(j) Owning, without more, real or personal property;
(k) Conducting an isolated transaction that is completed within thirty days and that is not one in the course of repeated transactions of a like nature;
(l) Transacting business or conducting activities in interstate commerce; and
(m) In the case of a foreign nonprofit corporation:
(I) Granting funds; or
(II) Distributing information to its members.
(3) The list of activities in subsection (2) of this section is not exhaustive.
(4) Nothing in this section shall limit or affect the right to subject a foreign entity that does not, or is not required to, have authority to transact business or conduct activities in this state to the jurisdiction of the courts of this state or to serve upon any foreign entity any process, notice, or demand required or permitted by law to be served upon an entity pursuant to part 7 of this article or sections 13-1-124 and 13-1-125, C.R.S., or any other provision of law or pursuant to the applicable rules of civil procedure.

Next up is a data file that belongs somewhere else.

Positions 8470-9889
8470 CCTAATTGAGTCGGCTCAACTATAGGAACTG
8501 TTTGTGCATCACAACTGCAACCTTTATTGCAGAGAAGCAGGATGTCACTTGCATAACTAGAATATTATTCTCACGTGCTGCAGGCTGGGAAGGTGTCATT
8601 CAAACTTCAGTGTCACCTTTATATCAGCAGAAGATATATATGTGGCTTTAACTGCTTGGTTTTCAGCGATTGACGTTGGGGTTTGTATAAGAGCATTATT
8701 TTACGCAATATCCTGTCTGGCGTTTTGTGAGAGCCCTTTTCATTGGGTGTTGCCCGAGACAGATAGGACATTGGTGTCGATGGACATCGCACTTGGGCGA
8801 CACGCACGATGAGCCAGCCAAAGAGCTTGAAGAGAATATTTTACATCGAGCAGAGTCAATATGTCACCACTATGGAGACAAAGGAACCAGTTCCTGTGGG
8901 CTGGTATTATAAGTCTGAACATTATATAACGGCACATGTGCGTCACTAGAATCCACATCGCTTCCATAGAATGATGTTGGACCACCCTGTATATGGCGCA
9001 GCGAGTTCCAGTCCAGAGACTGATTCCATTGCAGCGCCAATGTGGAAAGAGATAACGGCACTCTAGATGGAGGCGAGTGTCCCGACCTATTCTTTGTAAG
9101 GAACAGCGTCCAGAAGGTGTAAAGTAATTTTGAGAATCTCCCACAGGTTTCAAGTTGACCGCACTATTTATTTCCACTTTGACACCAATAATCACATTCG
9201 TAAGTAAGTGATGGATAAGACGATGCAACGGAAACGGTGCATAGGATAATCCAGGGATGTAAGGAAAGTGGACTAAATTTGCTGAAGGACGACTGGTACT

(5) A foreign nonprofit entity shall be considered to be transacting business or conducting activities in this state if it is required to file a registration statement with the secretary of state pursuant to section 6-16-104, C.R.S.
Source: L. 2003: Entire part added, p. 2305, 217, effective July 1, 2004. L. 2004: (1) amended, p. 1492, 236, effective July 1. L. 2007: (5) added, p. 244, 39, effective May 29. L. 2021: (2)(f) amended,(HB 21-1124), ch. 41, p. 157, 1, effective April 19.
Editors note: Section 32 of chapter 41 (HB 21-1124), Session Laws of Colorado 2021, provides that the act changing this section applies to conduct occurring on or after April 19, 2021.